Sending vibrations through the tooling affects friction, drawing speeds, surface finish
October 20, 2011
In conventional metalforming operations, the main way to reduce friction between the tooling and the workpiece is to apply a lubricant. Another supplementary method, which has been used for decades, is to introduce ultrasonic energy to the tooling, resulting in microscopic, high-frequency vibrations that reduce friction and improve surface finish.
Editor’s Note: This article is adapted from Nicholas Maropis, “Ultrasonic Systems for Tube and Wire Drawing,” presented at Pipe and Tube Pittsburgh 2010, Oct. 3-5, 2010, Pittsburgh.© 2010 by the Fabricators & Manufacturers Association, Intl. (FMA).
Ultrasonic (U-S) drawing is a technology that reduces the diameter of tube, wire, or rod while simultaneously vibrating the forming tools at frequencies higher than the audible range. Studies conducted in the 1960s indicated that the vibrations reduced the friction at the boundaries between the forming tools and the metals undergoing deformation. This technology can be used for draw bench operations, extrusion, deep drawing, and coil full floating plug drawing.
The operation principle is straightforward. Mechanically it is similar to that of an ordinary draw operation—a standard controller moves the back support rod (BSR) back for loading the raw material, then advances the tube into the die. The draw carriage jaws grasp the tube and pull it through the dies. A U-S system has a transducer array attached to the rear of the back bench. During the draw, the U-S system generates vibrations—stress waves—that are transmitted to the BSR and on to the forming tools at a frequency determined by the size of the tube or rod being drawn. The vibrations cause a continuous cycle of increasing and decreasing pressure at the interface between the tooling and the workpiece. The result is a reduction in the force needed for the draw (see Figure 1) and an improvement in the finished tube’s surfaces.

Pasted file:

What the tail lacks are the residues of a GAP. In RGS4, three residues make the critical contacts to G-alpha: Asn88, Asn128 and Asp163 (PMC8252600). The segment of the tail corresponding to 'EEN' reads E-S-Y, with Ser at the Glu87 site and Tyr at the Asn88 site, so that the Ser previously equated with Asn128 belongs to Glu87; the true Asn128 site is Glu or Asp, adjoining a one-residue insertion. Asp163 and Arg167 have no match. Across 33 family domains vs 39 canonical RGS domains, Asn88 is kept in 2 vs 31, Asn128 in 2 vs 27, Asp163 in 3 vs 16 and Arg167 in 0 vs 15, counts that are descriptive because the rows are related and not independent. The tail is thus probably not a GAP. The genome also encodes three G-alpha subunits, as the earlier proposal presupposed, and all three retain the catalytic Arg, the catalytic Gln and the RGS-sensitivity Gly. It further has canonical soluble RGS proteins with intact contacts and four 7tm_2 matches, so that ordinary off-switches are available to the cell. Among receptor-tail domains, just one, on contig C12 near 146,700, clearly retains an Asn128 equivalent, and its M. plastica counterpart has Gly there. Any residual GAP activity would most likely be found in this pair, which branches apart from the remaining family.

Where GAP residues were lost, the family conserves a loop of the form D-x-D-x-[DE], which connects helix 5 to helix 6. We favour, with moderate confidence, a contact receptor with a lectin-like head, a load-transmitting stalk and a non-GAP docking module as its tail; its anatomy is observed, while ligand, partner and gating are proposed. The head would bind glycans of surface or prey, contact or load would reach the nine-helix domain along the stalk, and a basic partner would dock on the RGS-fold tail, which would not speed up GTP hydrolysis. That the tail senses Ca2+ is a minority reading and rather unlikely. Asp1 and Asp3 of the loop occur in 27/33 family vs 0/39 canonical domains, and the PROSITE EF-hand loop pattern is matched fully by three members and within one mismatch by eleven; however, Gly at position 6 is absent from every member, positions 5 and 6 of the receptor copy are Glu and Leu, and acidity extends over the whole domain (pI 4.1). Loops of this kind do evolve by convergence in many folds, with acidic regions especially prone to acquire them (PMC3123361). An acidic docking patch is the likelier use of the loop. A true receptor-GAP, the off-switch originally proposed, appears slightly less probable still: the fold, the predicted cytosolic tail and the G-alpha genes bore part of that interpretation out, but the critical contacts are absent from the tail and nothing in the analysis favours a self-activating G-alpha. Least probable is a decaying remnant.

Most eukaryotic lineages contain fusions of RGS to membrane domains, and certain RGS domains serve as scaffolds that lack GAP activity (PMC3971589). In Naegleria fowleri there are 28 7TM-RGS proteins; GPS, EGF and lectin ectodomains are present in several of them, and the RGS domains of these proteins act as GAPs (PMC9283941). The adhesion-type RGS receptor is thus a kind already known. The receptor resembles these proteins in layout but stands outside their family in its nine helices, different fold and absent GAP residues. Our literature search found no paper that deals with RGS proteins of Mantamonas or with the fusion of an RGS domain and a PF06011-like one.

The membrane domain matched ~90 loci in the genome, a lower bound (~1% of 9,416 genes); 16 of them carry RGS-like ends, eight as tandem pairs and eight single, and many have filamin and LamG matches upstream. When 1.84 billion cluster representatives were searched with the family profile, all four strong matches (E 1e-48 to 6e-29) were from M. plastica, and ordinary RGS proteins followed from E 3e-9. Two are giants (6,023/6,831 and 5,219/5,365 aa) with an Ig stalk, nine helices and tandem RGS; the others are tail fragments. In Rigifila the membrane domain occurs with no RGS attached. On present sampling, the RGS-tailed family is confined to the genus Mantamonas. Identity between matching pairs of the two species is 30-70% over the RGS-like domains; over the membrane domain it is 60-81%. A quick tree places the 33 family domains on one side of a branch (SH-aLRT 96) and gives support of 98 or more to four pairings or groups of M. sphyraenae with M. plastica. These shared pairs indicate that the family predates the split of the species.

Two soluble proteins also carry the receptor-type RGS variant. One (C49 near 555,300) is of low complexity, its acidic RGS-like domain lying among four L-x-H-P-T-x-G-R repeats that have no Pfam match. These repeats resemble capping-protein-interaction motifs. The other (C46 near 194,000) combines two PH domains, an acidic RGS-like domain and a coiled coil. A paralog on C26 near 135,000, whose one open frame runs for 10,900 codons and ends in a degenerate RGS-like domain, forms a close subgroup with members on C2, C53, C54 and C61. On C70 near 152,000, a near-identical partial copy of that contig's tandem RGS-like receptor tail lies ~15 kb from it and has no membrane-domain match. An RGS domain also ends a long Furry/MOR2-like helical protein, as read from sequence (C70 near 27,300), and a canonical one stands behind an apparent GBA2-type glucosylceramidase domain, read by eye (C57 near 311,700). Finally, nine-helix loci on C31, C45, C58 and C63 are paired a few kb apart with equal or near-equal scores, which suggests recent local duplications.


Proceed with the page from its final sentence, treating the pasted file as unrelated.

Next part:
An experiment performed by this author decades ago used very high power levels to draw small-diameter wire, resulting in an additional reduction in draw force. It was observed that the wire being drawn became hotter than normal during these tests, which may have been caused by the very high draw speeds in addition to applying U-S energy.
These experiments involved drawing of the wire and larger rod in diameters from 9⁄16 to 11⁄16 inch. The rods were made of aluminum, copper, steel (AISI 4340), and titanium (6A14V). This work led to a U-S drawing guideline: The optimal amount of ultrasonic power applied to the tools in a production application is 5 to 10 percent of the mechanical power required to draw the workpiece through the dies and over the tube ID sizing plug.
U-S is a low-maintenance technology. Other than the vibrations of the dies or plugs, ultrasonic drawing systems have no moving parts, so they don’t wear out. Some systems have been in continuous operation, 24 hours a day, five or six days a week, since 1962. U-S also provides four distinct benefits in the drawing process:
The power needed for the U-S apparatus depends on many factors, such as the original tube size and the amount of reduction (see Figure 2).
The two types of ultrasonic tube drawing systems are the ultrasonic plug draw (UPD) and the ultrasonic die drive (UDD).
As the names imply, the UPD system involves vibration of the sizing plug (which is inside the tube), and the UDD system involves vibration of the dies (which are outside the tube). The UPD is used for bench drawing, and the UDD is used for bull-wheel or floating plug drawing. Both systems can be used simultaneously in bench drawing, although the benefits derived by use of both systems at once have not been shown to justify the cost.
The main system components are a frequency converter, impedance-matching network, transducer, transition coupler, BSR, and ultrasonic plug (see Figure 3). The BSR is similar to a mandrel on a nonultrasonic tube drawing system; likewise, the ultrasonic plug (tuned to the operating frequency) replaces the standard tungsten carbide nib.
A mounting system is required to isolate the U-S system, which creates vibrations, from the machine’s frame, which is intended to be immobile. Mounting the U-S system directly to the machine’s frame would introduce vibrations to the machine that could have a catastrophic impact on the drawing process. Two types of mounting systems are used commonly to mount a U-S system: nodal and Elmore. Named for its inventor, the Elmore mount, which is designed to attach to the primary coupler, has a flange for a mounting sleeve, which is silver or copper braze. The entire system is then supported by the base of the mounting sleeve.